Spinster Miss Eleanor Lockhart is suddenly homeless and employment is her only option. Ruined after succumbing to a scoundrel’s excessive charm nearly a decade ago, she’s lucky to obtain a position as a paid companion and committed to behaving with the utmost propriety. She definitely shouldn’t be in the arms of a man capable of utterly destroying what little remains of her reputation…
Titus St. John, Duke of Kendal, is known as the Forbidden Duke, a mysterious, intimidating figure who enters Society just once each year at his stepmother’s ball. A decade ago, he was a devil-may-care rake until his idle roguery brought about the ruin of Eleanor Lockhart—and his resulting self-imposed isolation. Now she’s back, and she needs his help. But by “saving” her, he may just ruin her life all over again.
Publisher and Release Date: Darcy Burke, March 2016
Time and Setting: 1811 England
Genre: Historical Romance
Heat Level: 2
Reviewer Rating: 4 stars
Review by Lady Cicely
One social faux pas leads to a life as a pariah for one. Guilt leads to a life of solitude for another.
Miss Eleanor (Nora) Lockhart has accepted her banishment to her father’s house, minimal contact with her beloved sister, and few friends. What she isn’t prepared for is the announcement that she will no longer have a home. With her father making bad investments he is forced to move to a cottage on his sister’s estate, a cottage too small for Nora to be able to join him. Living with her sister will be forbidden by her husband, the vicar. Returning to the aunt who sponsored her first Season is out of the question as Nora was vehemently told to never return. Her only option appears to be to find a situation as a lady’s companion; as long as her past doesn’t get in the way.
Titus St. John, fifth Duke of Kendal, lived a life as a rake of the first order until one night a decade earlier forever changed the life of a young debutante. Feeling partly responsible, Titus has spent the last several years as something of a recluse, making one social appearance each year – at his stepmother’s annual ball where he dances one dance with a female who is in need of a boost in society then he takes his leave. This social avoidance has earned him the nickname “The Forbidden Duke”; a position he embraces fully until fate brings the past roaring back to him.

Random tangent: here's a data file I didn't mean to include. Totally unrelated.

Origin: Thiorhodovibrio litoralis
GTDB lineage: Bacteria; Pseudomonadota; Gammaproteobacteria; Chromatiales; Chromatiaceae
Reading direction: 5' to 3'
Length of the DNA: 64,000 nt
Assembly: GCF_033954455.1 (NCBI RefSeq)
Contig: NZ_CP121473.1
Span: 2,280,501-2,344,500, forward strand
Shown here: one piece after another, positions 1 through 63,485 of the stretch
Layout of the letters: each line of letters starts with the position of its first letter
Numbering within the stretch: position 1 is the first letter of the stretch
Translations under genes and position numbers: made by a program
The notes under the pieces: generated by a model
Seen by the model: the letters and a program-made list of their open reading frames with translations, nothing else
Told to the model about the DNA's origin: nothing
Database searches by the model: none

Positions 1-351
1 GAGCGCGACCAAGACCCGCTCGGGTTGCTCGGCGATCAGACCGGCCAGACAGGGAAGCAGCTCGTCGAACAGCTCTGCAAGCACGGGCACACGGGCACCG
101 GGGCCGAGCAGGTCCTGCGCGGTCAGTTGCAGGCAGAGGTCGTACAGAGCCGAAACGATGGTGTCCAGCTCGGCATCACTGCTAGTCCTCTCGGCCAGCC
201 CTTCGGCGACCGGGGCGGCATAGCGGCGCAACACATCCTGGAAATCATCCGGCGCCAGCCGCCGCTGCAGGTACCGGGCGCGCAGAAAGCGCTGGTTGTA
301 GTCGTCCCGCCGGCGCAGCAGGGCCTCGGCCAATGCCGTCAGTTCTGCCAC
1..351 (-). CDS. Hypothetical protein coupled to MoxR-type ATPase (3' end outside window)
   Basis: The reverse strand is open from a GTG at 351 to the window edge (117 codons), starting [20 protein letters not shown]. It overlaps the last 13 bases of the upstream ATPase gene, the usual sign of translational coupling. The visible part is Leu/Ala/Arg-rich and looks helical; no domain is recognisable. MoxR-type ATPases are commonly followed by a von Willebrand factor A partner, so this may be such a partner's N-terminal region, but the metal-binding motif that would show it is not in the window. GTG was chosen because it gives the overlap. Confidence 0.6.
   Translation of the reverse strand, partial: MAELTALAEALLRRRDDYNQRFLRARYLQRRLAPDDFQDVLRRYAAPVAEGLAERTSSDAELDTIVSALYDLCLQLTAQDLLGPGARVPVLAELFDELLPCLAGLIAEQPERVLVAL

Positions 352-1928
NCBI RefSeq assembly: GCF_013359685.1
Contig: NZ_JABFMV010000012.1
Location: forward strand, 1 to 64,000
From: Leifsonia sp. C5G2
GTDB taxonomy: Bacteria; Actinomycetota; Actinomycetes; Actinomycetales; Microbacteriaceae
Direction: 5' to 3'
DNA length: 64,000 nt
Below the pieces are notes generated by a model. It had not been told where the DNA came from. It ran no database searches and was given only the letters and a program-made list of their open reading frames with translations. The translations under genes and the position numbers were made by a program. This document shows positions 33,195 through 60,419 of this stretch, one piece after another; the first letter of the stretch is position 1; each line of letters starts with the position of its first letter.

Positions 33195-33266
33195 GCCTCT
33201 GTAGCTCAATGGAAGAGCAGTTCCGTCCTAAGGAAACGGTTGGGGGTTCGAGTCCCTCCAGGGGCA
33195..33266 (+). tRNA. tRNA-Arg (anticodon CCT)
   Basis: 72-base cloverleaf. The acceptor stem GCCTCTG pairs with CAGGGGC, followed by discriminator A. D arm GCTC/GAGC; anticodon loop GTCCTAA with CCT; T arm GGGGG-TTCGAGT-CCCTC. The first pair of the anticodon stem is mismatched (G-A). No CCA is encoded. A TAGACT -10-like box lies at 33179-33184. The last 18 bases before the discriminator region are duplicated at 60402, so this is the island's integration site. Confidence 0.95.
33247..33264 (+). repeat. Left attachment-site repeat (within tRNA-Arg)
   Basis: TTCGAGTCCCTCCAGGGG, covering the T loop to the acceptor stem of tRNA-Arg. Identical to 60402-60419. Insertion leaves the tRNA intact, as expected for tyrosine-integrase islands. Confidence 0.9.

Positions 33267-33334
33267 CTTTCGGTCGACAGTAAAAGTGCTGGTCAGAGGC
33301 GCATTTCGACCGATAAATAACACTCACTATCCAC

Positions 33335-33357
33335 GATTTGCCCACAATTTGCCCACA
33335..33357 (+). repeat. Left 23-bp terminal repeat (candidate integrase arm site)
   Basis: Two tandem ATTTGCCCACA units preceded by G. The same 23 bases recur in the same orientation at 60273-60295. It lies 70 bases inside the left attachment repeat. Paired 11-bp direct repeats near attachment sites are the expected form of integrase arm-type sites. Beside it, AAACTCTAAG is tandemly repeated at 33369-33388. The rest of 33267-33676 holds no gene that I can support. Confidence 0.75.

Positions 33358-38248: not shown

Hired at her first interview, Nora is determined to do her job while hoping no one remembers her. Alas, life is not so kind; although no remarks are made directly there are much twittering and laughing behind fans. Knowing of Titus’ reputation, Nora is surprised when he asks her to dance; is this at his stepmother’s request or a decision of his own? Whatever the reason, the dance leaves her a little flustered and reminding herself it is just a dance and she is no longer the naïve girl she was a decade ago.
Titus attributes his choice of Nora as his dance partner to the guilt he feels at his part in her being shunned by society, not the fact that she fascinates him. But it is a fascination that has him deviating from his normal routine and remaining for the duration of the ball, although alone in the study and not in the ballroom. He’s conflicted to learn that his dance with Nora caused others to notice her – which was the point, but still, he is taken off guard when his stepmother announces she wants to give Nora the season she deserves. He vows to help give her the type of life she deserves which has him making appearances in society he would normally shun.
Nora is appreciative of the season sponsored by Lady Satterfield but soon realizes she misses the quietness of her life before being forced to return to London. She’s unsure of the attentions she’s receiving from two gentlemen; all she can think about is Titus, especially when he keeps turning up at society events he would normally avoid.
The Forbidden Duke is the first in Darcy Burke’s new series The Untouchables. It is a well written tale of how one’s choices affects the lives of many. Nora is written as a strong woman who has accepted what her choices have cost her without wallowing in pity. Ms. Burke could have written Titus as man consumed with guilt who projects himself as untouchable and left it at that; however, she adds subtle layers to allow the reader to see the man inside and how his guilt has affected his life.
The epilogue gives hints of more stories to come and I, for one, am looking forward to reading about the next Untouchable.
I enjoyed the book and would recommend to fans of the author, new readers and lovers of historical romance in general.